National human rights institutions and oversight of the security services

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In the last twenty years, independent national institutions mandated to protect and promote human rights (NHRIs) have changed the global human rights architecture, positioning themselves as indispensable interlocutors when discussing states human rights records. Nevertheless, despite having a broad mandate, comparative experiences have shown that NHRIs rarely exploit the possibility to oversee the security sector. Academic literature on NHRIs also provides little information on their role in oversight of the security sector in general, let alone the security services. That is surprising, considering that actions of the security services may interfere with human rights in unparalleled way, as they are authorized to use special measures to penetrate deep into the private lives of citizens. This article seeks to contribute to the mainstreaming of the role of NHRIs in security services oversight by further exploring their unique mandate, added value and comparative advantages. It shows that the specific nature of the NHRI makes this institution well placed to make a substantial contribution to effective protection of the rights and freedoms of citizens affected by activities of the security services. We start with positioning NHRIs in the security sector and defining their general role in it. We then offer a comparative overview of powers and practices of NHRIs and lay down preconditions for NHRIs effective actorness in security sector oversight. We then move to a case study of the Serbian Ombudsman, as a practical exemplar of the role of NHRIs in security services oversight. We conclude with an overview of the results, their practical implications and the avenues for further research.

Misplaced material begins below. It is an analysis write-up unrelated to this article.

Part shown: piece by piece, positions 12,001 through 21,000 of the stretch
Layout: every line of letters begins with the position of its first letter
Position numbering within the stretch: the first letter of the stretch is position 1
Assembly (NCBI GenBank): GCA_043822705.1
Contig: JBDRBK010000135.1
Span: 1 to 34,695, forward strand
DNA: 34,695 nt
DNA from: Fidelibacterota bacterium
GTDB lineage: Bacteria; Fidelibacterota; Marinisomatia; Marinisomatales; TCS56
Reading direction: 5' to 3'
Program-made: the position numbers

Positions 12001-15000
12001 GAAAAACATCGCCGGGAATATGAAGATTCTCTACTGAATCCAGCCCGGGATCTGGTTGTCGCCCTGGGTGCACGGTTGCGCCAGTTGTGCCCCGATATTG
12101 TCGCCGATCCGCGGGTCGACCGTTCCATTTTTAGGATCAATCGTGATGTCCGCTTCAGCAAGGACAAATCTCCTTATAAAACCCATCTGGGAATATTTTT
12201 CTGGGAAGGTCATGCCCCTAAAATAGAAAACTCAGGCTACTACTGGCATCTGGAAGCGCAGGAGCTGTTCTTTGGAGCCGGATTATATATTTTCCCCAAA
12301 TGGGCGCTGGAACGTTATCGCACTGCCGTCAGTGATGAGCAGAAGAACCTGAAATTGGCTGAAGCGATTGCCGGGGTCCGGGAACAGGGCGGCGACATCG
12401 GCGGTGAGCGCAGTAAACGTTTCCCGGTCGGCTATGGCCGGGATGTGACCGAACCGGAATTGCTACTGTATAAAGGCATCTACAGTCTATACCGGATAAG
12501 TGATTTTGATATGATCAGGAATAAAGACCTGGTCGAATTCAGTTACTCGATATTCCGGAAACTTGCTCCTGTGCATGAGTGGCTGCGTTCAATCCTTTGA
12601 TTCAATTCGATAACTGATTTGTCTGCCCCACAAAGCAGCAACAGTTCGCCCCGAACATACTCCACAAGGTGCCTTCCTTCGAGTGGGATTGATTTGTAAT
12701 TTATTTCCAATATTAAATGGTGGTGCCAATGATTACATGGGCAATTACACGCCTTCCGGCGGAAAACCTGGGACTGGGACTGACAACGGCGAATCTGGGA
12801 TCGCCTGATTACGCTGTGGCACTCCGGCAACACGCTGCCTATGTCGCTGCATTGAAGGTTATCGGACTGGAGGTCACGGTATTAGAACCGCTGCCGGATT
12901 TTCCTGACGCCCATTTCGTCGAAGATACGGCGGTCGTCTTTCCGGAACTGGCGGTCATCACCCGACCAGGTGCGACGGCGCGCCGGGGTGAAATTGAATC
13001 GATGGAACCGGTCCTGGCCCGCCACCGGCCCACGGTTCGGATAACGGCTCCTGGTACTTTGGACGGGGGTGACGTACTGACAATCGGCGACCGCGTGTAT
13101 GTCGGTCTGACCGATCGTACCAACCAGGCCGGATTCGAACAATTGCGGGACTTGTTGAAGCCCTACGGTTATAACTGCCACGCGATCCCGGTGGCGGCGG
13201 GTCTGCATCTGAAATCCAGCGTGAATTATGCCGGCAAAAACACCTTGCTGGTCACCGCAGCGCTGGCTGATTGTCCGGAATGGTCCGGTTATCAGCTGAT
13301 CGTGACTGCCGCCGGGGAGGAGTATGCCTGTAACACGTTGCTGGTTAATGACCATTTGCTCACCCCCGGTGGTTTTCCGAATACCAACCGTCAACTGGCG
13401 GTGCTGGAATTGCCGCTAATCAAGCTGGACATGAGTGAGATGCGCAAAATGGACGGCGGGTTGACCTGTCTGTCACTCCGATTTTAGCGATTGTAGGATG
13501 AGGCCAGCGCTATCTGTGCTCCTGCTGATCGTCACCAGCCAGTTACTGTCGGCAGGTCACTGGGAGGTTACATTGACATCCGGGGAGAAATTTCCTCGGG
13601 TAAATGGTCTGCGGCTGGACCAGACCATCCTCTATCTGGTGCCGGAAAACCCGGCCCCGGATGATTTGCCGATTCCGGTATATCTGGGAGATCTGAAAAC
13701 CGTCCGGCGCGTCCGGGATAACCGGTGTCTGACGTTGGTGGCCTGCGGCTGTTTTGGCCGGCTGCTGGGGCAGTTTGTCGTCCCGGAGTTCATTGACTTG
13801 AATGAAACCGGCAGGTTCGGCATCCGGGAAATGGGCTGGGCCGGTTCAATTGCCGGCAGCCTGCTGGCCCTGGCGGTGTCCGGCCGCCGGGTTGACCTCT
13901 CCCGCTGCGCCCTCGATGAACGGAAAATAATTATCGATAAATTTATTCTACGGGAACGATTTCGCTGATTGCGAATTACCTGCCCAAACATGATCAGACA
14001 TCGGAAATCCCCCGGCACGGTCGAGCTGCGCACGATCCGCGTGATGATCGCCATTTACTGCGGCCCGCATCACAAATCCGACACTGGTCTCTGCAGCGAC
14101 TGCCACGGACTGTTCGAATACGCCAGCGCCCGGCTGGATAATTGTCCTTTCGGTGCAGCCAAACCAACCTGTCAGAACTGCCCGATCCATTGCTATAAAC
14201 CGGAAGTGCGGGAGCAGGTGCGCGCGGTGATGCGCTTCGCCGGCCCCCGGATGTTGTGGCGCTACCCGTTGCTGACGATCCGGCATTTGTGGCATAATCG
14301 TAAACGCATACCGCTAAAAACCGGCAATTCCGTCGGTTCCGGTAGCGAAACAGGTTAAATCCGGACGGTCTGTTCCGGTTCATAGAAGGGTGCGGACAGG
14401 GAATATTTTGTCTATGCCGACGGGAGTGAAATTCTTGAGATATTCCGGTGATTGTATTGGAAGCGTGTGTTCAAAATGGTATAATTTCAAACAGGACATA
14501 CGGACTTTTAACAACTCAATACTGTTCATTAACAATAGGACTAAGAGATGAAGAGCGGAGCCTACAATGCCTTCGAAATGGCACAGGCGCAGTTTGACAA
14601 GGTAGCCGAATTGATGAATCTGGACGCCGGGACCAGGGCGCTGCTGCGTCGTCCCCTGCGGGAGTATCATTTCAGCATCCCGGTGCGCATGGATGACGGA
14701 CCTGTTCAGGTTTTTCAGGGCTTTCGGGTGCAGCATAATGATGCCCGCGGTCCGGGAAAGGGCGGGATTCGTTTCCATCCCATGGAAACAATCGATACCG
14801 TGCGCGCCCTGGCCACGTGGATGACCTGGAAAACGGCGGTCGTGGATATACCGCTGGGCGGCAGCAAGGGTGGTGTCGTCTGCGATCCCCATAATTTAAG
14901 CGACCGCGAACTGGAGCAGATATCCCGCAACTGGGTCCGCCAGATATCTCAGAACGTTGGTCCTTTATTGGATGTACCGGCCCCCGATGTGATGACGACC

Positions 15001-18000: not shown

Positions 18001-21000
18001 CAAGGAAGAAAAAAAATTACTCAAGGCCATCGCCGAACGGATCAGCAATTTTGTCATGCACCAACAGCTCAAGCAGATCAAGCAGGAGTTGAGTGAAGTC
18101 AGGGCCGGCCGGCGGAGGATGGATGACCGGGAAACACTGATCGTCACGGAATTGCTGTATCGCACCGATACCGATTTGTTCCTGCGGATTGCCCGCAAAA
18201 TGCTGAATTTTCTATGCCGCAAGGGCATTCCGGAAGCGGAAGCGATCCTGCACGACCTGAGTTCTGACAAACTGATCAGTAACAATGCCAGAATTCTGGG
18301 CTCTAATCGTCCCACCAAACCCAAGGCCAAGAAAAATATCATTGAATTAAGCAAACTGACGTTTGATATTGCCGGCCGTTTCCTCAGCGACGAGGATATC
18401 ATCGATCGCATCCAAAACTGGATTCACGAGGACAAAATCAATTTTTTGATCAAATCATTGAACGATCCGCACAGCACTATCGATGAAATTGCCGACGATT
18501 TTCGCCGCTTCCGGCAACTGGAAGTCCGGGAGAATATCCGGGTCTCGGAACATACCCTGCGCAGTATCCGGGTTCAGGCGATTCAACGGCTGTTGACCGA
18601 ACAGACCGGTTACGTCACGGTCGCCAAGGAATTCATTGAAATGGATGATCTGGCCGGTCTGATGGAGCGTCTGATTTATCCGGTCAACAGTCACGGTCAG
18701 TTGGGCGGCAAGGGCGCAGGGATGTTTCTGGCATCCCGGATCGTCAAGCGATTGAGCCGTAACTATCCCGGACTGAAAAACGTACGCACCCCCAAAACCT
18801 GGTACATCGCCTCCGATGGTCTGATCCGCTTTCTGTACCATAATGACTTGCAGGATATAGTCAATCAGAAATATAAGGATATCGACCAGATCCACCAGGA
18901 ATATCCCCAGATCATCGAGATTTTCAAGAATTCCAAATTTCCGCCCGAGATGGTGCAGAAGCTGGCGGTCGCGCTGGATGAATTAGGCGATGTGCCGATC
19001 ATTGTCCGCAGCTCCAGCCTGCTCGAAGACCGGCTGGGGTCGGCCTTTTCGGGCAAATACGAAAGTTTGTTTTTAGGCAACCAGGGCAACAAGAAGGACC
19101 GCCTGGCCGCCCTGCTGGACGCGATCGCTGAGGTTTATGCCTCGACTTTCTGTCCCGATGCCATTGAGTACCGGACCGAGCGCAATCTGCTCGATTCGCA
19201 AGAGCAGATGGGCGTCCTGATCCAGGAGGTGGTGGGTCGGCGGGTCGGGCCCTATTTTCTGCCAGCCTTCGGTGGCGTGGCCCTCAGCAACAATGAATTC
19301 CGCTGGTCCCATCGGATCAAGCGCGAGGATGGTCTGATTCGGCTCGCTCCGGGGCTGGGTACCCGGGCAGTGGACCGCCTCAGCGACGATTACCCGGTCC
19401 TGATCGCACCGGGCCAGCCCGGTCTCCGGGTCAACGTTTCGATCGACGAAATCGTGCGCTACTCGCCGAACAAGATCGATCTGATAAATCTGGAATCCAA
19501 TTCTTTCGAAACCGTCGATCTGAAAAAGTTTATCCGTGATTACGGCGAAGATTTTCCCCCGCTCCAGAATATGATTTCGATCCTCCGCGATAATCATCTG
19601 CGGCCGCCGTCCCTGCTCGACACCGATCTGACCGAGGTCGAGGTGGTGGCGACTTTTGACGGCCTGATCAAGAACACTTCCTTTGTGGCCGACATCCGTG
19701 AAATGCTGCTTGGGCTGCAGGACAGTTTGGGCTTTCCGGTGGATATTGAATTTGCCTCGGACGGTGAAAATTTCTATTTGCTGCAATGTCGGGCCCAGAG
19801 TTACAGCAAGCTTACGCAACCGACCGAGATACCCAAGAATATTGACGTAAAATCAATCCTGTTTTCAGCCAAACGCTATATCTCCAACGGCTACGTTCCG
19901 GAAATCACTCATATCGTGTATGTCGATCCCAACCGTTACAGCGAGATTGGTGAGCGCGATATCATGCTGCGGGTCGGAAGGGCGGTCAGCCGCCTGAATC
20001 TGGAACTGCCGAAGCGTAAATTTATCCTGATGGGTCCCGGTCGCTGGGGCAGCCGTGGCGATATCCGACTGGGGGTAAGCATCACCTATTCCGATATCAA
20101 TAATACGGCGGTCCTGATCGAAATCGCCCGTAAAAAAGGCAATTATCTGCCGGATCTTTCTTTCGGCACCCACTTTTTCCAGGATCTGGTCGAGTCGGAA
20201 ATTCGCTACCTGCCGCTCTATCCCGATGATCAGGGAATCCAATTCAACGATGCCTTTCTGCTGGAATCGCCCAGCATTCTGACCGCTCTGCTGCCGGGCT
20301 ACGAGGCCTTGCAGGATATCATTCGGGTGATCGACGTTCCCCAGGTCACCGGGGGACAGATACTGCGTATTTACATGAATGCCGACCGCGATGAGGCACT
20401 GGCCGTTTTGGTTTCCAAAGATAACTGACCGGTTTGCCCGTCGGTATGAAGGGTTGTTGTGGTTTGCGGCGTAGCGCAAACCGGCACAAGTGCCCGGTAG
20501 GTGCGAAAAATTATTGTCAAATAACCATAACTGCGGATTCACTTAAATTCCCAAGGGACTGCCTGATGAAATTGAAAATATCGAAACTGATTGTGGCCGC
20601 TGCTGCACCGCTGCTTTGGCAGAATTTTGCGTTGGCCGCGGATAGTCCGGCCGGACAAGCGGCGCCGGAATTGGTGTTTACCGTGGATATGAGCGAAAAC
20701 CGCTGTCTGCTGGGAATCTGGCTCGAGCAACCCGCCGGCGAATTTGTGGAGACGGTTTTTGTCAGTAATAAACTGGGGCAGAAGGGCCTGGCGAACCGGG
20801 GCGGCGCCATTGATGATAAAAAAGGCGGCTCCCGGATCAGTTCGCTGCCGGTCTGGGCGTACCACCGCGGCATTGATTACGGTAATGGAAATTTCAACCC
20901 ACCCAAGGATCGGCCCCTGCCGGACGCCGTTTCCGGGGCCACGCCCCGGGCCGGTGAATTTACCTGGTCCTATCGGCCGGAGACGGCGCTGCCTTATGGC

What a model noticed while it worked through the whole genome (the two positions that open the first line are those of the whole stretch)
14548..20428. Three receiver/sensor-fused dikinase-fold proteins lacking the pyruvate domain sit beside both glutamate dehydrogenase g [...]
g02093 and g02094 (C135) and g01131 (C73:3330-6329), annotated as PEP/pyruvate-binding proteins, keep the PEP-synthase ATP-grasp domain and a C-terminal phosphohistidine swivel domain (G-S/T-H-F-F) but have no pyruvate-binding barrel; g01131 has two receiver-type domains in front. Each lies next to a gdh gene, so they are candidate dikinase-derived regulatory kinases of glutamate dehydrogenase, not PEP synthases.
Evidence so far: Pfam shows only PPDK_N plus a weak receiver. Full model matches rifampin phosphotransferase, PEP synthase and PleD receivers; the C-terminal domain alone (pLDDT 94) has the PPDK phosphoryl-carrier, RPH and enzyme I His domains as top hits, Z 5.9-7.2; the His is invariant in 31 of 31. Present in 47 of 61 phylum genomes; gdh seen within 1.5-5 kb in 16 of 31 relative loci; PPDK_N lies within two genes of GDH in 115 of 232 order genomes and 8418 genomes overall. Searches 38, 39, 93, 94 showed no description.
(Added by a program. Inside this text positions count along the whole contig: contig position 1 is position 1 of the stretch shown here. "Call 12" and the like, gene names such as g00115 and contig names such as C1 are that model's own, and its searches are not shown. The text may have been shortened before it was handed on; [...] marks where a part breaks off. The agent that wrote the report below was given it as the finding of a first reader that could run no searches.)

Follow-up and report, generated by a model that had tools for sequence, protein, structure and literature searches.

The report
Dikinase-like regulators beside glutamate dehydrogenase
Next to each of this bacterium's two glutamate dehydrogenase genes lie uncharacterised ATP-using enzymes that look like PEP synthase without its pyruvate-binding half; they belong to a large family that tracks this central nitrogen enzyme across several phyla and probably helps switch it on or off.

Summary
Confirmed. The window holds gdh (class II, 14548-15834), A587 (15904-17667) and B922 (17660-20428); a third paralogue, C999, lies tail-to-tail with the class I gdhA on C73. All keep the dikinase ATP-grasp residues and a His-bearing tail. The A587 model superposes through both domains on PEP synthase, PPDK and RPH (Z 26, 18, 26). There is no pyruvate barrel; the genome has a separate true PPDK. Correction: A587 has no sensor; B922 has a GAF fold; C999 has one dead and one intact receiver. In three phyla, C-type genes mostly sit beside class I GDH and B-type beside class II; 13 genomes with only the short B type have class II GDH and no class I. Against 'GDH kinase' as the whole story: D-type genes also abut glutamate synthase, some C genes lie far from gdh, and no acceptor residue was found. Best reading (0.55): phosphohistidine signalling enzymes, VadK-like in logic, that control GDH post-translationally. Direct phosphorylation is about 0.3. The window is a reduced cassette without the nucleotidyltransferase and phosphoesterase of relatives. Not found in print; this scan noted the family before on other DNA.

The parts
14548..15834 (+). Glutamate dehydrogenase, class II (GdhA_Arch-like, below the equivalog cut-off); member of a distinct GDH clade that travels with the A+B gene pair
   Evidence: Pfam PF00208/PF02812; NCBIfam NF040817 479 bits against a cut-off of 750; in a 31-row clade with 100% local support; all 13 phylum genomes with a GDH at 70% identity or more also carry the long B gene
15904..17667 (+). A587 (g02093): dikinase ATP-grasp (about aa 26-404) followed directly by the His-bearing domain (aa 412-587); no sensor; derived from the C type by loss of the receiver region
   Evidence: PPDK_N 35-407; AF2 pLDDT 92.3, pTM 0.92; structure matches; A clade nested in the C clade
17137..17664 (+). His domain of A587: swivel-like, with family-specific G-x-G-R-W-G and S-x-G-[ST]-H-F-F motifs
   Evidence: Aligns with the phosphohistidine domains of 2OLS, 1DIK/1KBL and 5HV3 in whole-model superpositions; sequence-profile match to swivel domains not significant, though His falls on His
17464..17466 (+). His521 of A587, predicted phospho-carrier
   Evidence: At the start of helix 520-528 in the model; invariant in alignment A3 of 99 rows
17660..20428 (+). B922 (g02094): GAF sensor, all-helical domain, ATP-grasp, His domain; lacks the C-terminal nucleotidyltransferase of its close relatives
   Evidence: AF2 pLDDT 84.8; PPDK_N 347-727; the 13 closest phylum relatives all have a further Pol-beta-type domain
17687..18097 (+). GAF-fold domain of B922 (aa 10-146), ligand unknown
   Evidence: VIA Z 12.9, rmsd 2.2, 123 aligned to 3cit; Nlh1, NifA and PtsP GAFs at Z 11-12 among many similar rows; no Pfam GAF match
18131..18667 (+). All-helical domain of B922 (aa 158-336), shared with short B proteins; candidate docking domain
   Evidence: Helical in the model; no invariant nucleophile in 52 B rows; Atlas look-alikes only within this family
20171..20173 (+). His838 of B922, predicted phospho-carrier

Glušac, L. (2018, February 1). National human rights institutions and oversight of the security services. Journal of Human Rights Practice. Oxford University Press.

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